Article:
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Sight Screen

Monday, October 31, 2005

The axeman cometh?

In the first two games of this series, the tendency was to blame the Lankan batsmen for not being able to deliver (what escaped notice, thanks to the batting collapses, that the bowling on both occasions never threatened, even briefly, to make a fight of it -- in contrast to how the Indians in Sri Lanka failed to put up big scores, but kept hitting back at least for sizeable chunks of the game with the ball); finally, attention has swung to the bowling, where Marvan Atapattu and Tom Moody are facing a piquant problem.
The part-time bowlers -- Sri Lanka's patented weapons, since the days of Arjuna Ranatunga's WC-winning squad -- in the current lot are effective only at home. And the two mainstays, whose cutting edge provides cover for the part-timers and allows them to operate under the shadow of the pressures created by Vaas and Murali, have on this tour been meticulously decimated.
You know the Lankans are in trouble not when they fail to defend 300 -- but when you hear a call for Murali, no less, to be dropped from the side; ever known that to happen before?
Trevor Chesterfield makes that call -- and figures that to do the thing right, Jayasuriya needs to go as well:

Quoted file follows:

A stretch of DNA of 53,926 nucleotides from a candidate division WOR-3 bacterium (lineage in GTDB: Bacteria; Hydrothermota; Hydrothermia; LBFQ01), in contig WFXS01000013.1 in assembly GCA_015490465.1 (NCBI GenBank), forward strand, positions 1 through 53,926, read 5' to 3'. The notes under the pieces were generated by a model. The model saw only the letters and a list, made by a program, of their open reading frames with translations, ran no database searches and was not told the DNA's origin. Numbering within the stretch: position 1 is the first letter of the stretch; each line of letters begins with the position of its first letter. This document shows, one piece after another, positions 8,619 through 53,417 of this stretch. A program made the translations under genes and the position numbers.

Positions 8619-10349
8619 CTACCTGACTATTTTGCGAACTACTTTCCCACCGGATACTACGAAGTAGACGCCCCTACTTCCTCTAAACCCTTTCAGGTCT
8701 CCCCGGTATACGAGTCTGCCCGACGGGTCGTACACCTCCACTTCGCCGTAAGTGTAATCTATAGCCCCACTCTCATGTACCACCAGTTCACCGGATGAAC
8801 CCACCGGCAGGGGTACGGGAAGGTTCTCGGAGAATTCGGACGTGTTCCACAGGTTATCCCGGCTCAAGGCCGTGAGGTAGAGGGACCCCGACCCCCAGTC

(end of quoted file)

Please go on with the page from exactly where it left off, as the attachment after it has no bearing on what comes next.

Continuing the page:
It is being referred to in some quarters as the right shoulder syndrome. And is not the polite topic of conversations either, today around the capital’s pavilions.
It is a touchy subject but someone should tell the team management it’s time to rest Sanath Jayasuriya for the next two or three games of what is becoming Sri Lanka’s chaotic limited overs tour. To play Jayasuriya, who can’t bowl or even field effectively, is hiding a passenger and no matter the status of the Matara Mauler, the right shoulder injury is creating a major team composition problem.
And while they are about it, perhaps Muttiah Muralitharan should be given a break as well.

Here's his prescription:
What is needed is a top-order restructuring and a shifting of players around the order. Jayasuriya should be moved back to six, the captain — also struggling for form — at four of five. It will give the top-order stability with Samaraweera at three while Tharanga opens with Kumar Sangakkara.


  • If all the non-performers on this tour -it should include CV,MA as well - need to be dropped, then who is left...?